Around 55 percent of coral reefs in South Sulawesi waters have been damaged by destructive fishing practices, the South Sulawesi marine and fishery service announced on Wednesday. Due to the destructive practise of throwing explosives into the water to catch fish, only 45 percent of the coral reefs in the national marine park of Takabonerate are in good condition.

The Indonesian Naval personal have arrested fishermen in South Sulawesi for using explosives to catch fish, but the practise continues.

 55 percent of coral reefs in South Sulawesi damaged by explosives

Takabonerate is considered the world`s third most beautiful marine park and has received an award from the World Ocean Conference (WOC) which was held in Manado, North Sulawesi, this month. This marine park is located within the famous Coral Triangle; a Pacific region home to over 75 percent of the world’s known coral species. This figure becomes even more remarkable if you take into account that the triangle only comprises two percent of the world’s ocean.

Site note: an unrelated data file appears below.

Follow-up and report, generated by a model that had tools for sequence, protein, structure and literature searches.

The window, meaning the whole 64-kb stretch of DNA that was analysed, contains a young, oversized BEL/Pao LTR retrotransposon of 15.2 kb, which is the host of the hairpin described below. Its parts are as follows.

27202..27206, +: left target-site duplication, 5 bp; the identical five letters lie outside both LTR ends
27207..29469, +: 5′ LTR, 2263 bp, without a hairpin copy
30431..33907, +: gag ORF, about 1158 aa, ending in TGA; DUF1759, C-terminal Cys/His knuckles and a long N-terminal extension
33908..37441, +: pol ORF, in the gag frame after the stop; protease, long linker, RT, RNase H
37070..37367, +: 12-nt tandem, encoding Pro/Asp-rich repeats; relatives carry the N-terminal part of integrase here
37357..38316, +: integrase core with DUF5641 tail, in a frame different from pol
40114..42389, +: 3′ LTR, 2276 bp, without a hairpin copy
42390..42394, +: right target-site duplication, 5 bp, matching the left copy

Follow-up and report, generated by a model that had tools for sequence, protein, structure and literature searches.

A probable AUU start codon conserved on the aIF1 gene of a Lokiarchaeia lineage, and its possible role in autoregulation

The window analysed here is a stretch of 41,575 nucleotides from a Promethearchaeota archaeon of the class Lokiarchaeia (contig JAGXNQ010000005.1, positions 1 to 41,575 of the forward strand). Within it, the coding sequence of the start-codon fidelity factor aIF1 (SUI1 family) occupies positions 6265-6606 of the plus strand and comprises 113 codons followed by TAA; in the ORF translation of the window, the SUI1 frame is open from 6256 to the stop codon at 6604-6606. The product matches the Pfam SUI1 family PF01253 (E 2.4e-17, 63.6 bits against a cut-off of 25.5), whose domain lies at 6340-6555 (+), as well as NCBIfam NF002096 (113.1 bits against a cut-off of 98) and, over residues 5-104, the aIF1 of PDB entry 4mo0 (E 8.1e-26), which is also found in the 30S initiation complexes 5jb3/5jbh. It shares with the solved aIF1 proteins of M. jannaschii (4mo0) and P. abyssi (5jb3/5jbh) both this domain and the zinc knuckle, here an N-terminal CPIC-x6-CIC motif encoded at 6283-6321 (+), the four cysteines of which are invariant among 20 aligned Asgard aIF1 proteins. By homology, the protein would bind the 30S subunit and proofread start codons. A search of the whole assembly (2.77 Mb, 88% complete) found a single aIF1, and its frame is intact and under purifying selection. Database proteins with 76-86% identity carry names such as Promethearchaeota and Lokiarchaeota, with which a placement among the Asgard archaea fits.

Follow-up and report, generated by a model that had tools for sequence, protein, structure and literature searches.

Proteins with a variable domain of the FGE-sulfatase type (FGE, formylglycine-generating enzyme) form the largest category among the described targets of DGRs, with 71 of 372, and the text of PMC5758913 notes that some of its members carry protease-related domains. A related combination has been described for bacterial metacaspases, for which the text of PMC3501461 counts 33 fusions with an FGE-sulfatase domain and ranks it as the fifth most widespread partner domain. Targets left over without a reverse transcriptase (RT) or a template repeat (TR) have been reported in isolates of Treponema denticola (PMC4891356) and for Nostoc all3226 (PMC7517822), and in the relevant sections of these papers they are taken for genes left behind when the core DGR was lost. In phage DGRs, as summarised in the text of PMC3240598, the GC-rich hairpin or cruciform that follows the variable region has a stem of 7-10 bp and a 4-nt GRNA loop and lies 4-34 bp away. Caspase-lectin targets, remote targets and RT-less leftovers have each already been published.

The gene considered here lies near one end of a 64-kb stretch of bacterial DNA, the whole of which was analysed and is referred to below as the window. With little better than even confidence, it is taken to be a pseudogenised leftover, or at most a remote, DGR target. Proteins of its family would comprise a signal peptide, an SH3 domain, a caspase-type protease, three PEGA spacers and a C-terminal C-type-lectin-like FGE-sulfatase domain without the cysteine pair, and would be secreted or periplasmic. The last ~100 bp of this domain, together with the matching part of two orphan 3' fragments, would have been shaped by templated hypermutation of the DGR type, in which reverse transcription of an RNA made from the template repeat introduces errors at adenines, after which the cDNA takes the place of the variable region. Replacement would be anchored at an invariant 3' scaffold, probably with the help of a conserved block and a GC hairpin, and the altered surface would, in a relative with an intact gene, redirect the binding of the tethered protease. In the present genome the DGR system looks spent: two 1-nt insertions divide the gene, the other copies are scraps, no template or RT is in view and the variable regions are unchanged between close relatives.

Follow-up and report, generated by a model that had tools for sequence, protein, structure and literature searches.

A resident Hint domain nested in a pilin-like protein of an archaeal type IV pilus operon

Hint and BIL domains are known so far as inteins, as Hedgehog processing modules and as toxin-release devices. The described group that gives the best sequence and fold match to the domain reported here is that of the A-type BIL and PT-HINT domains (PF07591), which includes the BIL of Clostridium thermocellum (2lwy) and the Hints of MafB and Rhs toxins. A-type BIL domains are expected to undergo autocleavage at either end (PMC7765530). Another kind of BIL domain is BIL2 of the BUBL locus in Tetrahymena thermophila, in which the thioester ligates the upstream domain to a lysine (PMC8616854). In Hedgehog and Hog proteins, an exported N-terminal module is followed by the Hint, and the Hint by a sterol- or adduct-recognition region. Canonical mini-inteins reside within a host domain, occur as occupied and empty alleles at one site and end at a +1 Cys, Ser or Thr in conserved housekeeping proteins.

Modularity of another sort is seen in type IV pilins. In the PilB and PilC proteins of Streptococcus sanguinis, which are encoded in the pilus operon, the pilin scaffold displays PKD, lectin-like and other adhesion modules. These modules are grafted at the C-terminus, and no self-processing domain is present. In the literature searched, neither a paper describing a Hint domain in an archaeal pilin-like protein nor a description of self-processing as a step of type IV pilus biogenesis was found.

Hopefully, the situation in the region will improve as six heads of state/government participating in the Coral Triangle Initiative (CTI) Summit organized as part of the WOC signed a declaration on May 15, approving the Coral Triangle Initiative Program. Within this program, the six countries who share this amazingly coral rich region will coordinate their protection of marine resources.

Over 120 million people depend on the Coral Triangle ecosystem for their survival and would suffer greatly if the diversity of fish, shellfish and other marine creatures were to become depleted due to unsustainable fishing practises.